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Dr. Neal Kassell, Founder of the FUSF

Recently, UltrasoundSchoolsInfo.com wrote an article on the Focused Ultrasound Surgery Foundation. We thought it would be important to gain more insight into the FUS Foundation, whose mission is “to shorten the time from technology development to patient treatment; to foster new applications; and to accelerate the worldwide adoption of focused ultrasound surgery.” We were fortunate enough to speak to Dr. Neal Kassell, a neurosurgery professor at the University of Virginia and chairman of the FUS Foundation, which he founded in October 2006.

Neal Kassell M.D.

 

Q: When you had your “aha” moment that ultrasound could be used in neurosurgery to treat brain tumors, what inspired this?

Dr. Kassell: At the same time that I had some frustration over the limitations of Gamma Knife treatment for benign brain tumors, as well as other treatments, and was looking around for non-invasive approaches, coincidentally I was doing research in the laboratory measuring blood flow in the brain by the clearance of microbubbles that were burst with ultrasound.

 

Q: Was that focused ultrasound?

Dr. Kassell: No, that was not focused ultrasound. It was just ultrasound and that’s where I had the idea of maybe you could use ultrasound. Then I went to the web and discovered that yes people have been working in this area and it really had a lot of potential.

Q: For aspiring students and others new to the world of ultrasound technology, how would you describe the process of focused ultrasound?

Dr. Kassell: It’s analogous to using a magnifying glass to focus beams of light on a point and burning a hole in a leaf. With focused ultrasound, instead of an optical lens, an acoustic lens is used to focus multiple beams of ultrasound energy on a point deep in the body [such as a tumor].

 

Q: I get the sense that you founded the FUS Foundation more to save lives rather than for medical professionals to receive accolades …

Dr. Kassell: The Foundation is all about the patients and everything we do is related to accelerating the development and adoption of the technology so that it helps patients. We’re not concerned with individual glory or people making money. We just want to see the patients benefit.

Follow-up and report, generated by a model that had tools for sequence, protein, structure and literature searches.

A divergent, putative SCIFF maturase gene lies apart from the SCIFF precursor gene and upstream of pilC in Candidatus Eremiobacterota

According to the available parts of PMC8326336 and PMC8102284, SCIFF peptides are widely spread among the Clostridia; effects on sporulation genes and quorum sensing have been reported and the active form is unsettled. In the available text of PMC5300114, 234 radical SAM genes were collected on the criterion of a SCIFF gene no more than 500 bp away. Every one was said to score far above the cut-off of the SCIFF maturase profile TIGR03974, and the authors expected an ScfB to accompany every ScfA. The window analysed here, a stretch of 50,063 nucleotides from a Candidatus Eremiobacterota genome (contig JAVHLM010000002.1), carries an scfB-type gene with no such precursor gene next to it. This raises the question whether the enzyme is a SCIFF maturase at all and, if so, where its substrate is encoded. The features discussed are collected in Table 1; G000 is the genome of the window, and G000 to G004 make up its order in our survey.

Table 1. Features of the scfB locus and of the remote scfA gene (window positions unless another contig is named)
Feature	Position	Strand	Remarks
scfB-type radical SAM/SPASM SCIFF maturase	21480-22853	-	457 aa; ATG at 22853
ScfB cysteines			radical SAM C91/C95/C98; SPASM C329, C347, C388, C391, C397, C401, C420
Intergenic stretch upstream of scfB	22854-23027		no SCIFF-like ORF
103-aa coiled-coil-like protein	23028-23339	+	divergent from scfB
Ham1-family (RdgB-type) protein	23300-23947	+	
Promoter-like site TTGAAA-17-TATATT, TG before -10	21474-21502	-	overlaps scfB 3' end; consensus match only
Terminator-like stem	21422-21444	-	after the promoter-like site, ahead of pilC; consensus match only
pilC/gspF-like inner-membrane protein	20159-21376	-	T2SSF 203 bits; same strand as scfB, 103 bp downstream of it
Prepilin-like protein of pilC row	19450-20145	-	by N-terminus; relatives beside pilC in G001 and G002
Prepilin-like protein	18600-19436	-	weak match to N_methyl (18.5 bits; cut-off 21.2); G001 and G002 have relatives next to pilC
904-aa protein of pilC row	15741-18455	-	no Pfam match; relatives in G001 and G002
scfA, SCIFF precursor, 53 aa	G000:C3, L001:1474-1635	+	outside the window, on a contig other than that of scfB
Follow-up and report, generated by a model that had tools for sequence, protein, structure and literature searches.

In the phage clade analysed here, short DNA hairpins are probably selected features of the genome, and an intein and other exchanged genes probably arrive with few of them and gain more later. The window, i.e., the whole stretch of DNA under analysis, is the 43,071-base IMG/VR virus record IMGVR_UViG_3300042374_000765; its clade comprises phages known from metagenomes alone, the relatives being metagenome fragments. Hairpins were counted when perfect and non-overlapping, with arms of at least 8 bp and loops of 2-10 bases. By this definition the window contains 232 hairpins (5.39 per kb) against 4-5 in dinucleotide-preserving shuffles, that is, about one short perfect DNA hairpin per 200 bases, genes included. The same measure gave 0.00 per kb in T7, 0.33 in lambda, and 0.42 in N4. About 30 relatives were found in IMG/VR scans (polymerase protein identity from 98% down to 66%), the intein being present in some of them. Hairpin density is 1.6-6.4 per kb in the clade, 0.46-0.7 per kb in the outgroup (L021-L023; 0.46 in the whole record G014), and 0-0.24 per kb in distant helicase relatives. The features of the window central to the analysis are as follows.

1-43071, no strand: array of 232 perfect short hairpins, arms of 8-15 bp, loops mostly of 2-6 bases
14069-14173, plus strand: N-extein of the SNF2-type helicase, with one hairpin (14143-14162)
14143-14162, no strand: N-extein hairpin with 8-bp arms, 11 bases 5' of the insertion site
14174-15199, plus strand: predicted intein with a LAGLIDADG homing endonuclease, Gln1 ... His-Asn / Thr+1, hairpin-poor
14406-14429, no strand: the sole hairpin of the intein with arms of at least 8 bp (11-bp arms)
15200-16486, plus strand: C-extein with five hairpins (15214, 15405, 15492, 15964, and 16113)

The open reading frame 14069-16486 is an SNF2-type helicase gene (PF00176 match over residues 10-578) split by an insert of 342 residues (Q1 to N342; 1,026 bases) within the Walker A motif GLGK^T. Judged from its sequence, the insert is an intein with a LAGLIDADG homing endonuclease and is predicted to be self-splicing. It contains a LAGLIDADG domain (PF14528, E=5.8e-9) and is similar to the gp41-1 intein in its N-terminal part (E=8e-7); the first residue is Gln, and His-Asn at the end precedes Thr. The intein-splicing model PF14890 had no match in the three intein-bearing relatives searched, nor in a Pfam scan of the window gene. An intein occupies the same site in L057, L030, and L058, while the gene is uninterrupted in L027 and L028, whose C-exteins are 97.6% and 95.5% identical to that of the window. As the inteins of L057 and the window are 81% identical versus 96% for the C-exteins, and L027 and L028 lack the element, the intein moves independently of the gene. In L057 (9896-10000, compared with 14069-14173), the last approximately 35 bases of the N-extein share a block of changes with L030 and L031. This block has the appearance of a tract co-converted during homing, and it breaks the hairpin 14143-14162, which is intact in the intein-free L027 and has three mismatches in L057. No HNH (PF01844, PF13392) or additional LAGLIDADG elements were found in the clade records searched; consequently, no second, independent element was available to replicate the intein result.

Q: What have been some of the highlights since you started the FUS Foundation in 2006?

Dr. Kassell: Well, I think the highlights are the number and quality of people involved, whether it’s the Foundation’s donors or the Board of Directors or the fabulous people with the device manufacturers, as well as the people with NIH and the people with FDA. The focused ultrasound community is just an outstanding group of people—that’s one thing. And then the second thing is the spark that really ignited the field: the essential tremor patients that were treated here at the University of Virginia. That sort of validated the technology and it shifted the dialogue from “if this technology is real and has a role” to “when will it be available to treat a whole variety of disorders”.

 

Q: Currently the use of focused ultrasound is approved to treat uterine fibroids and pain from bone metastases in the United States. Are there any additional treatments expected to be approved in the near future, in the U.S and/or elsewhere in the world?

Dr. Kassell: For essential tremors, a pivotal clinical trial needs to be done, so approval is two to three years off. There are a couple clinical trials on low-grade prostate cancer that have just been approved to be conducted. In Europe of course, there is more widespread regulatory approval for uterine fibroids, bone metastases, prostate cancer, essential tremor, neuropathic pain and tremor-dominant Parkinson’s disease.

 

Q: Is there anything you would like to add?

Dr. Kassell: I think the message is that this is a revolutionary technology that has the potential (and I emphasize the potential…) to improve the lives of millions of people. It could be as important to therapy as MR-scanning was to diagnosis (and MR-scanning revolutionized diagnosis). So focused ultrasound could (and I emphasize could) revolutionize therapy to the same degree that MR revolutionized diagnosis.

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